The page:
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    Where are you riding in "winter" that you don't use studded tires?

    Anyways, toe-clips suck, IME they are impossible to get out of in an emergency when properly done up to the level at which they're going to help your feet stay on the pedal.

    As others noted the safest is flat pedals, but if you want to be locked to the pedal I suggest upgrading to clipless - They're a lot safer than toe-clips and due to their spring mechanism they won't wrench your ankle and knee so badly if you fall accidentally.

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    You dont need to cinch toe clips tight to stay on the pedals. If you leave the straps loose, then your feet will come out in an instant. I have slid plenty of times, on mud and ice and my feet are on the ground without thinking. I would never use toe clips cinched tight.
    If you MUST have the tightest pedal-shoe contact possible, stick with SPD, they are safer than tight toe clips but you cant get your feet out during a slide.
    Toe clips are an intermediate solution, between platforms and SPD. Some people just don't do intermediate in anything, no compromise, all or nothing. I'm happy to have some efficiency and some safety in a cheap, versatile form that I can use with any footwear.

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    Quote Originally Posted by MichaelW View Post
    You dont need to cinch toe clips tight to stay on the pedals. If you leave the straps loose, then your feet will come out in an instant. I have slid plenty of times, on mud and ice and my feet are on the ground without thinking. I would never use toe clips cinched tight.
    +1. I have found that loose toe clips help keep my feet from slipping off the pedals, but they are no barrier to getting my feet out in a hurry if necessary.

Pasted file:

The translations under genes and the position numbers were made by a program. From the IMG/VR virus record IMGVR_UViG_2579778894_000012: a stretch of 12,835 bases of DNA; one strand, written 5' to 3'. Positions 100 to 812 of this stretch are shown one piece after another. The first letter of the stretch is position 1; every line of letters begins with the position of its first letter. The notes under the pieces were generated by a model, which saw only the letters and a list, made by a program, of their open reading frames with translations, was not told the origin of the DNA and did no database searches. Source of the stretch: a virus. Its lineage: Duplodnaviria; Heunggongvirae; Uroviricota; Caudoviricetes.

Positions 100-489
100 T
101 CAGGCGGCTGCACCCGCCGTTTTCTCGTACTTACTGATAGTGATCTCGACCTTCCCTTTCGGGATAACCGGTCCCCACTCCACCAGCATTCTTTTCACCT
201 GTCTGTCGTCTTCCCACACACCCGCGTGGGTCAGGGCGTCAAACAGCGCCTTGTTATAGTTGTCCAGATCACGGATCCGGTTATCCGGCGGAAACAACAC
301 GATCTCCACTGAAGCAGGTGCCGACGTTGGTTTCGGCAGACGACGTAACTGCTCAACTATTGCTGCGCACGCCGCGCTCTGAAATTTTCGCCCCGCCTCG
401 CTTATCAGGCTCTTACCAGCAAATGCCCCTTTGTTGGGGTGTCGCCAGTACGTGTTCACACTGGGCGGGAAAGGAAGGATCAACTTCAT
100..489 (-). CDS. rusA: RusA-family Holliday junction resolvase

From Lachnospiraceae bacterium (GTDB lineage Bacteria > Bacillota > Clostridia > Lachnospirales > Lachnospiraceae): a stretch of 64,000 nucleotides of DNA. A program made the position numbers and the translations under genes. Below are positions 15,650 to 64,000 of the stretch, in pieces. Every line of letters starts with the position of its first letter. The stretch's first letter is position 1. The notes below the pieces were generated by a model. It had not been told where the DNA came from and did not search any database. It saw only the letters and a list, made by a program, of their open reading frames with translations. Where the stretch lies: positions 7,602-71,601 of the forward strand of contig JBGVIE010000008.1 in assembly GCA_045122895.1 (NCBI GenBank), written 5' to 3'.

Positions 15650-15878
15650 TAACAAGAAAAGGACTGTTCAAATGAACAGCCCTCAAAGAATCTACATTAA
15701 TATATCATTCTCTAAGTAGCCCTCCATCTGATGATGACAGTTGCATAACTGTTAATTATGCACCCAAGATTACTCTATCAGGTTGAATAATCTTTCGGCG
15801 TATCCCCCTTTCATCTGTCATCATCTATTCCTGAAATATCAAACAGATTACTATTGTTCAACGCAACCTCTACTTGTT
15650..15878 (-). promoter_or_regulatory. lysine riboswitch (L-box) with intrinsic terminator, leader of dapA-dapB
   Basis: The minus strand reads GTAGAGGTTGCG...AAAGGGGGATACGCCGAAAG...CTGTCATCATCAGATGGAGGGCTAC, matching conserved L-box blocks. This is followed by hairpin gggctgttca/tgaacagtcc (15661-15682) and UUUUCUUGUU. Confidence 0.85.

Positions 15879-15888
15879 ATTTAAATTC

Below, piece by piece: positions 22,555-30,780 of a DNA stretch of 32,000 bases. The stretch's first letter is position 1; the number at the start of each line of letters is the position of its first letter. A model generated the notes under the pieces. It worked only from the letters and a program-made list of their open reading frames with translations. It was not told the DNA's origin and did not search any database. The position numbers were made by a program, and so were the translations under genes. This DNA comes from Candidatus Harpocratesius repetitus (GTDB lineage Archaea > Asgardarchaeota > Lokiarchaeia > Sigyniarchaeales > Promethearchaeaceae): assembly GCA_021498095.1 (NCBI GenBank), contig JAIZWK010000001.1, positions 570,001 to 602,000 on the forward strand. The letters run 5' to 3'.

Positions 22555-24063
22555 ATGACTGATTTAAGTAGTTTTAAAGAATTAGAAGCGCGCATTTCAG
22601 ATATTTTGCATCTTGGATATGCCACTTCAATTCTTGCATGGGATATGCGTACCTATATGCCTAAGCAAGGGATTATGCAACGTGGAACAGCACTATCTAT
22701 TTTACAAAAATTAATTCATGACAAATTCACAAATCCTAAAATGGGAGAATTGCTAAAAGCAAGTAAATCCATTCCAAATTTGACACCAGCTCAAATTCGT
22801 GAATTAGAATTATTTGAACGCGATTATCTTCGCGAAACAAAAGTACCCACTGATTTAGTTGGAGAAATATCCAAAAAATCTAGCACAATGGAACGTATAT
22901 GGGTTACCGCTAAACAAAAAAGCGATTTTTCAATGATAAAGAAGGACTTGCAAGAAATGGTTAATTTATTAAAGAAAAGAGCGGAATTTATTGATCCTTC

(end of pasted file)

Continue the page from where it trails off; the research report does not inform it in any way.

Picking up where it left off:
Jim

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    Power grips permit even winter boots to get out in a hurry.

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    Senior Member ultimattfrisbee's Avatar
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    I use SPDs on my touring bike, but when there's any chance of snow/ice, I ride my mountain bike with studded tires, and I have toe clips on that bike. I only started using SPDs this year, and I like them, but I rode with toe clips for 20 years before that, and I like them, too. I keep them relatively loose, but they still keep me on my pedals and I feel I get some increased power on the upstroke, though not as much as my SPDs give me. If I'm wearing sneakers, they go in and out easily. If it's cold or wet out, I wear duck boots, which are totally water and windproof but not as clunky or heavy as hiking boots. I have a little more trouble getting into the toe clips with those--the rubber seems to catch on the scalloping of my pedals--but no trouble at all getting out. The studded tires definitely make things safer, too.

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    I have no problems with toe clips under any circumstance. As some other posters have mentioned, if you're worried about needing your feet in a hurry, just leave the straps a bit loose. Unless you are using deep slotted cleats, no retention system allows you to remove your feet faster.

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    I my SPDs year round. Th only exception is really sloppy days when there is lots of fresh snow. I keep the adjustment really loose though. So far when I slip my feet are popping out and hitting the ground in time to keep me vertical.

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    Like a couple others have said, Toe clips with loose straps are easy enough for me to get out of and even when loose they help keep your feet on wet pedals for rain rides but for sub-35 degree days I like to wear toasty boots which are pretty bulky so I'm rollin' with BMX pedals sans retention this winter.